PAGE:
The complete documentation for the ERS natural amenities scale is found in the report, Natural Amenities Drive Rural Population Change, AER-781, October 1999. A summary is excerpted here.
The six measures used in the natural amenities composite score were selected on the basis of a conception of the environmental qualities most people prefer, availability of measures, simplicity, nonredundancy, and the correlation to population change. Hawaii and Alaska were not included, as data were not always available. Because it is difficult to handle a number of separate indicators in a given analysis, a simple additive scale was developed, with some adjustment for the interrelationships among the measures.
Warm winter (average January temperature)
People are attracted to areas with warm winters. Southern areas of the country generally have the warmest winters, while the upper Midwest and the Rocky Mountains experience the coldest. Coastal areas are generally warmer than inland. This measure, and the others relating to climate, was drawn from the Area Resources tape issued at the time by the Center for National Health Statistics, U.S. Department of Health and Human Services.
Winter sun (average January days of sun)
Brochures almost inevitably show sunny skies. The Southwest has the sunniest Januaries while the Pacific Northwest has the cloudiest. Some areas around the Great Lakes also have frequent January overcast.
Temperate summer (low winter-summer temperature gap)
While less so with the widespread use of air conditioning, summer heat is still a drawback. Places warm in the winter tend to be hot in the summer: the correlation coefficient between average January and average July temperatures is 0.74 for counties. What seems most desirable is a temperate climate, with relatively little temperature gain between January and July.
One possible measure of temperate climate would be the gain in temperature between January and July, with a low gain indicating a more favorable climate. However, places cold in the winter tend to have greater gains in temperature between winter and summer. The size of the variance in average July temperature across counties is only 20 percent of the size of variance in average January temperature. This means that the temperature difference between January and July is largely redundant with the January temperature measure.
To solve this problem, the residual of a simple regression of July temperature on January temperature was used to reflect low gain in temperature, i.e., a temperate climate. In effect, we asked how much higher or lower the July temperature is, given what one would predict on the basis of the January temperature. Since residuals are not correlated with independent variables, this produced a measure of temperate climate not at all redundant with the January temperature measure.
Mountainous areas and areas along the west coast tend to have the most temperate summers according to this measure. The Central and Southern Plains, southern Arizona, and the Imperial Valley in California have the least temperate summers.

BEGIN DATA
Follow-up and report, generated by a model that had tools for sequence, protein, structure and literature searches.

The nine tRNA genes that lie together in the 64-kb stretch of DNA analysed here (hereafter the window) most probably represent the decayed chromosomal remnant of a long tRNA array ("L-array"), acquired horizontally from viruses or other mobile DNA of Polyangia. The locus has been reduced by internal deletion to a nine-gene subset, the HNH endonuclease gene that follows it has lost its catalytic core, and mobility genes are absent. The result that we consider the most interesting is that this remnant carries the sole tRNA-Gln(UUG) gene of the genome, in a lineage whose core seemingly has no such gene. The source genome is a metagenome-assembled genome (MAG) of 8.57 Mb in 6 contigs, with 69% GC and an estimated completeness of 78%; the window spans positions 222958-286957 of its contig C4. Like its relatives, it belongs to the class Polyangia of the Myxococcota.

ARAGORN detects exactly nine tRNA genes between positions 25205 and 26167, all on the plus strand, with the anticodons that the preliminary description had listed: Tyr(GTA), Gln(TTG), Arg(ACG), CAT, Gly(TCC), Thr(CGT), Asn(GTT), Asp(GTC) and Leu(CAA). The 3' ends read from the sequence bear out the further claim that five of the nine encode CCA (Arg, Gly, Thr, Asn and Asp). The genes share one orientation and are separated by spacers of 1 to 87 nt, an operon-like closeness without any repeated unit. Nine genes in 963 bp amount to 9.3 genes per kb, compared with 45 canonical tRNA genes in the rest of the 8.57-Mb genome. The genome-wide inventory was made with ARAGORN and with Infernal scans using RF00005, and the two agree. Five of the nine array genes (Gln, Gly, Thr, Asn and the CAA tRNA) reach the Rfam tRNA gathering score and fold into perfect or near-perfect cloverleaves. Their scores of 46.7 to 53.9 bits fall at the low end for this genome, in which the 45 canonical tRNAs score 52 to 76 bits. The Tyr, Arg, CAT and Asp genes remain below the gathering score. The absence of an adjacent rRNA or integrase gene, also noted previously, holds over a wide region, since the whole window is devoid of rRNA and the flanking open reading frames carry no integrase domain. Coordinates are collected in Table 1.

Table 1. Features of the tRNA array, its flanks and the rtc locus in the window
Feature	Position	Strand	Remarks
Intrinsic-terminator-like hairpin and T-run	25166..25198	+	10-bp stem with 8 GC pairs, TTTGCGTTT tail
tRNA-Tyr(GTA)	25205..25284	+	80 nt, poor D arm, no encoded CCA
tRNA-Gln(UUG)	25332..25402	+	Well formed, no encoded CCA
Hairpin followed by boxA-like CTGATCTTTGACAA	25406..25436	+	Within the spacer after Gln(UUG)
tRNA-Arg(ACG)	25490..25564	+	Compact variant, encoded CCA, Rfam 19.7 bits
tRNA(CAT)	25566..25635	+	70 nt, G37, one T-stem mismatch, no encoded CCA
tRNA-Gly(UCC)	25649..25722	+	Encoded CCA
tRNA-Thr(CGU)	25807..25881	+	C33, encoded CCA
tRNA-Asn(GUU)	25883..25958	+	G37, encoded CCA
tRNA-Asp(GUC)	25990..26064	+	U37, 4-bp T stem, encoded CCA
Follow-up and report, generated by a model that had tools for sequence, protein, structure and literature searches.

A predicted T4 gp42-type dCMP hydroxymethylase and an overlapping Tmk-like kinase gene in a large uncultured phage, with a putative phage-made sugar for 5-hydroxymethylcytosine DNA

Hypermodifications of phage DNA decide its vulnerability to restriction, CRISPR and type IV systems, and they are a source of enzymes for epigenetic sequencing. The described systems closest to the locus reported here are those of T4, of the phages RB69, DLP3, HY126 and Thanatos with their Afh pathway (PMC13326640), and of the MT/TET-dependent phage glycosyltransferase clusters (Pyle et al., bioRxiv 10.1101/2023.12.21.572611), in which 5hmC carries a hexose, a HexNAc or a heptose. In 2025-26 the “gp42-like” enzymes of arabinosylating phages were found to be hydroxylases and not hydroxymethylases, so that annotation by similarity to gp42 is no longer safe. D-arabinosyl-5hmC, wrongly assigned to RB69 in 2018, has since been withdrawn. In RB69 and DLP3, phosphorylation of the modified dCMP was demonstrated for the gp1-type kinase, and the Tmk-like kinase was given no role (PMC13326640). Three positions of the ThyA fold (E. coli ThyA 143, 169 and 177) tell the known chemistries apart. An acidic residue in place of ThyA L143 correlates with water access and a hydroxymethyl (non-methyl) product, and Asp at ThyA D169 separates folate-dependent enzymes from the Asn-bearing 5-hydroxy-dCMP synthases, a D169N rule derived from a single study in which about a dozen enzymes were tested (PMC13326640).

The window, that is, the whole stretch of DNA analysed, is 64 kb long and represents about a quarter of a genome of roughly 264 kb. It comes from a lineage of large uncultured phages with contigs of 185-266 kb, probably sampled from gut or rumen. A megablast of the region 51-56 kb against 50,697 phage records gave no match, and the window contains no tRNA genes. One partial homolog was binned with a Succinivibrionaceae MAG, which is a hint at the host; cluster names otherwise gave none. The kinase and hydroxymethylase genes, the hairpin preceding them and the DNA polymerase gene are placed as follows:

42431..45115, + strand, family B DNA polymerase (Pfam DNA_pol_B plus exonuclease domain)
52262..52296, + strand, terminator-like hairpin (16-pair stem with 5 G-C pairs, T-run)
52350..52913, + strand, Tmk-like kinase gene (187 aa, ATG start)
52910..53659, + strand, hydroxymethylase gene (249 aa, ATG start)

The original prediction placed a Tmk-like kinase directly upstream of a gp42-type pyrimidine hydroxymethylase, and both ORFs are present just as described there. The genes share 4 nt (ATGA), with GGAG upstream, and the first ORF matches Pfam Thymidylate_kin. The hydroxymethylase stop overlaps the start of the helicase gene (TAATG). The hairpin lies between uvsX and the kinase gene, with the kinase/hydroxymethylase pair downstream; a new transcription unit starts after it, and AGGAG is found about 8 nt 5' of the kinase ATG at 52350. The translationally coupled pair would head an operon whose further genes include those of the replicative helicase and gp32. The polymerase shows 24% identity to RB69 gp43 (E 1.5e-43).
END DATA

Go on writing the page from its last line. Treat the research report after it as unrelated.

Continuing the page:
Summer humidity (low average July humidity)
Humidity, which adds to summer discomfort, is relatively low in the West, except along the coast. July humidity is high in much of the Southeast (although humidity tends to be lower in southern Florida than in northern Florida and southern Georgia.).
Topographic variation (topography scale)
In general, the more varied the topography, the more appealing the setting. To measure topography, we drew on a topographic map in The National Atlas of the United States of America (1970). This map delineated five basic land formations: plains, tablelands, plains with hills or mountains, open hills or mountains, and hills and mountains. Within each of these broad categories, land was distinguished by its degree of variation. For example, the "plains" category ranged from "flat plains" to "irregular plains," and the "hills and mountains" category ranged from "hills" to "high mountains." A total of 21 categories were delineated. We created a county map overlay and mapped the topography onto the county map. Where a county had more than one type of land formation, we assigned the highest of the categories that applied, provided this higher category appeared to apply to at least 25 percent of the county area. At the high end of the scale, the resulting county map reproduces the principal mountain ranges in the country and, at the low end, the coastal plains.
Water area (water area as proportion of total county area)
Coastal areas and areas with lakes are more pleasant than areas lacking surface water. Coding water area proved a problem, however. In this data tape, from the Bureau of the Census, coastal waters, because the boundaries extend out 3 miles, are inevitably large and dwarf inland lakes in their surface area. The problem is particularly distorting in the Great Lakes, as the entire water area within U.S. boundaries is assigned to counties along the shores.
Two adjustments were made to reduce what seemed to be the undue influence of coastal waters. First, we limited the amount of water area measured to a maximum of 250 square miles. This reduced the outlier problem in the Great Lakes, but still left the measure as one that discriminated coastal from inland counties but gave inland lakes and ponds little weight. The second adjustment was to take the logarithm of the percentage of county area in water, a transformation that accentuates differences at the low end and reduces them at the high end. Implicit in the transformation is the assumption that a difference between 5 percent and 10 percent in water surface area improves the attractiveness of an area as much as a difference between 10 and 20 percent.